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Soil conservation practices contribution in trapping sediment and soil organic carbon, Minizr watershed, northwest highlands of Ethiopia

  • Sediments, Sec 2 • Physical and Biogeochemical Processes • Research Article
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Globally, land degradation and climate change are priority problems. Therefore, this study was conducted in Minizr catchment in the northwest highlands of Ethiopia to investigate the sediment and sediment organic carbon (SOC) trapping role of soil and water conservation practices (SWCPs) constructed inside fields, check dams (CDs) constructed inside gullies and micro-trenches constructed on degraded grazing lands, which would help to reduce land degradation and climate change. Our three research questions were: How much sediment was trapped by SWCPs? How much SOC was trapped by SWCPs? What was the role of SWCPs in mitigating climate change?

Materials and methods

Google Earth Imagery was used to map the SWCPs constructed inside fields; a Digital Elevation Model (ASTER DEM 20 m) was used to delineate the boundary of the study watershed and to evaluate elevation and slope characteristics, and GPS was used to collect watershed outlet coordinate points, CD locations and to accurately digitize SWCPs. Three different SWCPs, five different CDs and 30 micro-trenches were evaluated for their sediment and SOC trapping efficiency. The experiment was designed in three treatments with three replications, except for the CD studies. The volume of sediment trapped was quantified using field measurements of the deposited sediment and SOC was determined in a soil laboratory.

Results and discussion

The investigated SWCPs, CDs and micro-trenches trapped ~584,745 kg SOC together with 32,105 t of sediment. The percentage SOC was higher in the CD sediments (1.98%) than SWCPs (1.38%) and micro-trenches (1.49%). A large amount of SOC was deposited in vegetative-supported CDs than CDs constructed from structures alone, i.e. CDs supported with vegetative practices trapped more SOC.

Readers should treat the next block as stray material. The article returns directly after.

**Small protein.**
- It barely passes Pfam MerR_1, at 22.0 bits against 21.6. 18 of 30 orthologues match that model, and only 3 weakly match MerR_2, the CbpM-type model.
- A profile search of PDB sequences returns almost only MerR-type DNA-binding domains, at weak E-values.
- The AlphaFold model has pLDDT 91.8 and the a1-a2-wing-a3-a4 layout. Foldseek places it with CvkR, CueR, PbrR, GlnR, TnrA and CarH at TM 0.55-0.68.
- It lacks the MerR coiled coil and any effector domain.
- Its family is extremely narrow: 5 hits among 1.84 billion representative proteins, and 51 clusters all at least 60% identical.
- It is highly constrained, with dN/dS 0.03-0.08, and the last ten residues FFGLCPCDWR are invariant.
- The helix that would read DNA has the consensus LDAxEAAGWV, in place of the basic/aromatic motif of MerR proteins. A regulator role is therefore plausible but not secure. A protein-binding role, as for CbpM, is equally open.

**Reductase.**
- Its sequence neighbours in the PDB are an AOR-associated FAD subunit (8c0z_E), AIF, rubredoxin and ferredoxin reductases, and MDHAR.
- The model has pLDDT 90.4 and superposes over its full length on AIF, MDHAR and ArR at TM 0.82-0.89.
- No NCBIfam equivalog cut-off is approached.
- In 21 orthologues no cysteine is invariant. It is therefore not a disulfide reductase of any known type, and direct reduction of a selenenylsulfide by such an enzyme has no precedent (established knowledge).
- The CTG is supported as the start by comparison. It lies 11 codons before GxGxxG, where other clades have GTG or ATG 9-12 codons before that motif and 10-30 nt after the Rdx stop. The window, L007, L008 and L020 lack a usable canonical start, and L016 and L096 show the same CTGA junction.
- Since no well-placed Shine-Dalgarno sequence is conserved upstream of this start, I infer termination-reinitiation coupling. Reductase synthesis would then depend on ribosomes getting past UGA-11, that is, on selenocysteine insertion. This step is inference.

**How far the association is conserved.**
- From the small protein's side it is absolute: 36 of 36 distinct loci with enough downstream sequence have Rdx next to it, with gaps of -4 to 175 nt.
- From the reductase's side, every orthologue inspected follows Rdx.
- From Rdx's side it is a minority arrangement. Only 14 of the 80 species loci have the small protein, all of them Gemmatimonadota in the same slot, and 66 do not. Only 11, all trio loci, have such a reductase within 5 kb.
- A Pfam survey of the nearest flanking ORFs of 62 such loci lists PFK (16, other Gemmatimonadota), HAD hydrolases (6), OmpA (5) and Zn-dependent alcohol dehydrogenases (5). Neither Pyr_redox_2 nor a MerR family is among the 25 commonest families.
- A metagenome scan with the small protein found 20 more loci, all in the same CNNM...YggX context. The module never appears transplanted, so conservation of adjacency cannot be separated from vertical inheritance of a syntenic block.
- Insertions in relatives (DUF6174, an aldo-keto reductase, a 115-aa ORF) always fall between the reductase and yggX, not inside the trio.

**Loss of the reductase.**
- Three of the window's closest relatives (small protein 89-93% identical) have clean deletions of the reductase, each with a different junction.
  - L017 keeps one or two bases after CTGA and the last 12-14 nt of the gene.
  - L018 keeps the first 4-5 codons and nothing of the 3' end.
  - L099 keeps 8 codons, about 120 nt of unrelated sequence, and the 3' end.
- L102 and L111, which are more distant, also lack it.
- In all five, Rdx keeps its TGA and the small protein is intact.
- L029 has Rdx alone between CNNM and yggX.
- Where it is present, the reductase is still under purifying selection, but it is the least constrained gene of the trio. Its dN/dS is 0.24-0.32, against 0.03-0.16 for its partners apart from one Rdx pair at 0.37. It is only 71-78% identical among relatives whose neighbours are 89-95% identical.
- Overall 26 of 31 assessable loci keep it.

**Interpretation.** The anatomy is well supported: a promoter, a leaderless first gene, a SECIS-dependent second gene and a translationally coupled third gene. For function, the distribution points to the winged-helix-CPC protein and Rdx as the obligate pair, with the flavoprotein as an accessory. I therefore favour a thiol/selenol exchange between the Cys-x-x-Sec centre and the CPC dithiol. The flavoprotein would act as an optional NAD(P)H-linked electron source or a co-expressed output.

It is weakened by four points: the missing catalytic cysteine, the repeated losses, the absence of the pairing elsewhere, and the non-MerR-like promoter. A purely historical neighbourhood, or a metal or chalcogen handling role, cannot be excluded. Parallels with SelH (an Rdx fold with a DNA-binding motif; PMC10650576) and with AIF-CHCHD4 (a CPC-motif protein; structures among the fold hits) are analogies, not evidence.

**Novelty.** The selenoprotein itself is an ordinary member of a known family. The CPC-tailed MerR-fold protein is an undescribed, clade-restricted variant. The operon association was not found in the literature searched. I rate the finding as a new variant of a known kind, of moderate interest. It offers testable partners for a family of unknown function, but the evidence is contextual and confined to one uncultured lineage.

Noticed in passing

In general, SWCPs, CDs and micro-trenches were found to reduce soil erosion or land degradation by enhancing sediment deposition. They also trapped large amounts of SOC together with the sediment, which can reduce the greenhouse gases emission to the atmosphere. Therefore, governmental and non-governmental organizations and professionals should also consider SWCPs as climate change mitigation measures, like that of afforestation/plantation.

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The authors would like to thank Bahir Dar soil laboratory center and Amhara Design and Supervision Works Enterprise Laboratory for SOC analysis. We also would like to thank the farmers and development agents for their assistance during the field work. We would also extend our thanks to Bahir Dar University College of Agriculture and Environmental Sciences (CAES) and Geospatial Data and Technology Center (GDTC). The anonymous reviewers and the Editor-in-Chief were greatly appreciated for their valuable comments in improving the manuscript.

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Correspondence to Mulatie Mekonnen.

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Mekonnen, M., Getahun, M. Soil conservation practices contribution in trapping sediment and soil organic carbon, Minizr watershed, northwest highlands of Ethiopia. J Soils Sediments 20, 2484–2494 (2020).

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